A complete listing of objections and AUL responses is here.

Recent Rulings on UIDA Legislation

Texas

In Texas in September, 2018, a federal judge struck down a version of the UIDA with a permanent injunction. This means that the law will not be enforced. In his ruling, Judge David Ezra stated that the law imposed “significant burdens on women seeking an abortion.” [12]

It’s unclear what burdens he was referring to because women seeking abortions would not incur any additional financial cost due to the law. Instead, each abortion clinic would be financially responsible for any costs of cremation and burial or interment of ashes. In the Texas case, the plaintiff agreed that cost was not even a factor in whether the law should be upheld or not. Furthermore, the Texas Conference of Catholic Bishops offered to provide free fetal burial services to any hospital or abortion center in the state.

Though UIDA laws do not financially burden women seeking abortions, abortion supporters consider this type of law ‘burdensome’ because it: “increases the grief, stigma, shame, and distress of women experiencing an abortion.” [13] One wonders: if abortion is not the taking of a human life, what is there to be distressed about?

In response to Judge Ezra’s ruling, Joe Pojman of Texas Alliance for Life stated: “The unfortunate reality is that abortion will remain readily available in Texas and will occur tens of thousands of times every year. This law merely requires that the dignity of the unborn child is recognized after abortion and that their remains are not treated as medical waste.” [14]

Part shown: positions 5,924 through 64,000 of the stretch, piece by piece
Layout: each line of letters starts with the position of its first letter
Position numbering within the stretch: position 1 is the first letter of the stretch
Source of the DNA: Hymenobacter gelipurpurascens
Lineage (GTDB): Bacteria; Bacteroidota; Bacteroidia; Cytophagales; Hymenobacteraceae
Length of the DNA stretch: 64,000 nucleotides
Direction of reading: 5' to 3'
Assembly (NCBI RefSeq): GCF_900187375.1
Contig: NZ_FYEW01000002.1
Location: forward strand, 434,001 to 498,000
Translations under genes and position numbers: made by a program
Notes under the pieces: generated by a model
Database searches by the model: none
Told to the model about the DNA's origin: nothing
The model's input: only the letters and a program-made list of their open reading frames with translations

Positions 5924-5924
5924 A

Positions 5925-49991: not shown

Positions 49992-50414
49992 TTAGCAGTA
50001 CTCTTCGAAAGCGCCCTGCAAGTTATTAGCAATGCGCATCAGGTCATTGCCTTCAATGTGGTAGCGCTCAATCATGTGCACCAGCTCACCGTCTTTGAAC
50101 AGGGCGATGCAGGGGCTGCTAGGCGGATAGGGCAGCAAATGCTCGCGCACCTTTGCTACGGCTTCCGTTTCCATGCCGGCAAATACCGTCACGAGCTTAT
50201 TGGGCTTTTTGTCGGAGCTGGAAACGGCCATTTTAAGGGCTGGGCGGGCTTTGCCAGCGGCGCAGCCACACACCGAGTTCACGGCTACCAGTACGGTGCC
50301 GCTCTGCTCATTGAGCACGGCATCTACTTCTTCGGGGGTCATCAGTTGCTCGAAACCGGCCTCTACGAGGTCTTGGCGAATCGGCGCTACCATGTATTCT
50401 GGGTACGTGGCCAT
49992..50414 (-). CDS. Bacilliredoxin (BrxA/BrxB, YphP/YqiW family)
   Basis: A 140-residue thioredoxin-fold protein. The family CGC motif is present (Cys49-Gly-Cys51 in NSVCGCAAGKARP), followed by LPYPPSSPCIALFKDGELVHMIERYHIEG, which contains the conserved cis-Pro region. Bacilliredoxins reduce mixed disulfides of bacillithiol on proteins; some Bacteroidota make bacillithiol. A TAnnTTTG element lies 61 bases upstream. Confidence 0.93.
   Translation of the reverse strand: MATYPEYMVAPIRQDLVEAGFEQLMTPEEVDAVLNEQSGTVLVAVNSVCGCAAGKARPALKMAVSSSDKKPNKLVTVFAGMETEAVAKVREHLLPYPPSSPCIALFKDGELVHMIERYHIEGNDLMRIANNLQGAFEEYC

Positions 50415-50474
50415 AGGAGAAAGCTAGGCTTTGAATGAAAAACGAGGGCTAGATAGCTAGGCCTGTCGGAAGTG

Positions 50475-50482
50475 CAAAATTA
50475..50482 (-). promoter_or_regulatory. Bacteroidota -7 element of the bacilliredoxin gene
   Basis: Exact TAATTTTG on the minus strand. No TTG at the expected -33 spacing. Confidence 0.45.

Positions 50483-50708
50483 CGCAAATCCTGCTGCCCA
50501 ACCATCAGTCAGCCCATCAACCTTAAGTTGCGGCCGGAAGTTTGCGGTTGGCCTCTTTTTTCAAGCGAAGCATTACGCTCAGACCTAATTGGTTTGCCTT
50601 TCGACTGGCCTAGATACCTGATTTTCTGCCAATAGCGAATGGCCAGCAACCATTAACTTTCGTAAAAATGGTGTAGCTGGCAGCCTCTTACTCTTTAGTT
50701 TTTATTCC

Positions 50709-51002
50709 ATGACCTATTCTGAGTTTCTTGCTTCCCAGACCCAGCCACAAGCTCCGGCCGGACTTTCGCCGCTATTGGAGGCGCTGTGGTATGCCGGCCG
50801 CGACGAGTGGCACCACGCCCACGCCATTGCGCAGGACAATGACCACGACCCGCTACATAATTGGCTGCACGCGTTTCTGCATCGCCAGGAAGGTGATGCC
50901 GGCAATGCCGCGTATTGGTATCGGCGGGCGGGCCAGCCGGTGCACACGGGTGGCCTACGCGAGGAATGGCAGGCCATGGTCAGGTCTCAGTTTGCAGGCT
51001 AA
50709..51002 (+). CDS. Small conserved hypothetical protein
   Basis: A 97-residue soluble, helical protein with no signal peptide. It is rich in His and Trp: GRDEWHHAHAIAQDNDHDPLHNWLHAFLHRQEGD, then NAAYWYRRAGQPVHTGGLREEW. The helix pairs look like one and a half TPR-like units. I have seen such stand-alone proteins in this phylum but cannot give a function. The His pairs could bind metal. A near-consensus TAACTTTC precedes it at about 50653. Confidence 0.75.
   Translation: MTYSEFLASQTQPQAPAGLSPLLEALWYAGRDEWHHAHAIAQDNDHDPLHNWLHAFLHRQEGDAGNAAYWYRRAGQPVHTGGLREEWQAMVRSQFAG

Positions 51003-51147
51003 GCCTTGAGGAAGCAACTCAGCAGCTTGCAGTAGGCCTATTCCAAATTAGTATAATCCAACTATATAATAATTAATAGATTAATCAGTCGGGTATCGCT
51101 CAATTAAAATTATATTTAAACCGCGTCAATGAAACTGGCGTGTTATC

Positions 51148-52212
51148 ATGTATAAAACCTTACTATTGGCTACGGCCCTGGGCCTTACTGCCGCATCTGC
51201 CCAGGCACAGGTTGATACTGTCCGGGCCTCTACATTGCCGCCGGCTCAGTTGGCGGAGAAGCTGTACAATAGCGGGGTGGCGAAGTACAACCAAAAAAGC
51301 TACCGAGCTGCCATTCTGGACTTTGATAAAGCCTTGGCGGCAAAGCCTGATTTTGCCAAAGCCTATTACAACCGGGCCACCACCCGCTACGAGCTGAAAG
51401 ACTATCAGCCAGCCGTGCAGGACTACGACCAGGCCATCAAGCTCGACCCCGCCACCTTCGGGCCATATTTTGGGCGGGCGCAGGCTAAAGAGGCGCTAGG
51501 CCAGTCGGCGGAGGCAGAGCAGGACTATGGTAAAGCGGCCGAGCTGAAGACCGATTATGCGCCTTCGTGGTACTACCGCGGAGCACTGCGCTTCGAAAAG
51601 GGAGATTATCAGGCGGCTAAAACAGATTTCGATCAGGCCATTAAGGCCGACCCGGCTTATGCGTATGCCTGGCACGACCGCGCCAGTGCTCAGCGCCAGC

Indiana

Separately in Indiana, the 2016 UIDA law mentioned above was challenged by Planned Parenthood. Americans United for Life (AUL) filed a “friend of the court” brief requesting that the Supreme Court hear this case because it has implications nationally. The Indiana UIDA law’s constitutionality affects similar laws on the books or being proposed across the country. [15] [16]

AUL’s brief noted that the humanity of the preborn human fetus has been acknowledged in such various areas of United States law as: tort law, guardianship law, healthcare law, property law, and family law.

Additionally, nearly all states have wrongful death statutes covering the death of a preborn human fetus or a fetus who is born but later dies from in utero injuries.

Finally, United States law has protections for survivors of failed abortions, also known as the 2002 Born-Alive Infant Protection Act, as well as a ban on intact D&X or dilation and extraction or partial-birth abortions.

What’s Really at Stake?

UIDA laws really get at the heart of the question:when does life begin? That is why abortion rights proponents are so offended by UIDA laws. If fetuses were not human beings, then their disposal would be the same as any other biohazardous waste from a doctor’s office or hospital, etc.

Since abortion clinics absorb the cost, not the pregnant woman, abortion proponents cannot object to the law for financial reasons (see Indiana case above). They object to the requirement that each pregnant patient and abortion clinic staff counselor have to address the humanity of the unborn child by deciding how to dispose of its dead body.

Tanya Marsh, a law professor at Wake Forest University, summed up the importance of UIDA laws this way for the 2016 The Atlantic article: “The most important impact of this law is taking another step toward recognizing fetuses as humans. That’s a philosophical goal of the law. It doesn’t have to do anything else except sit on the books and start to impact the way people think about it.” [17]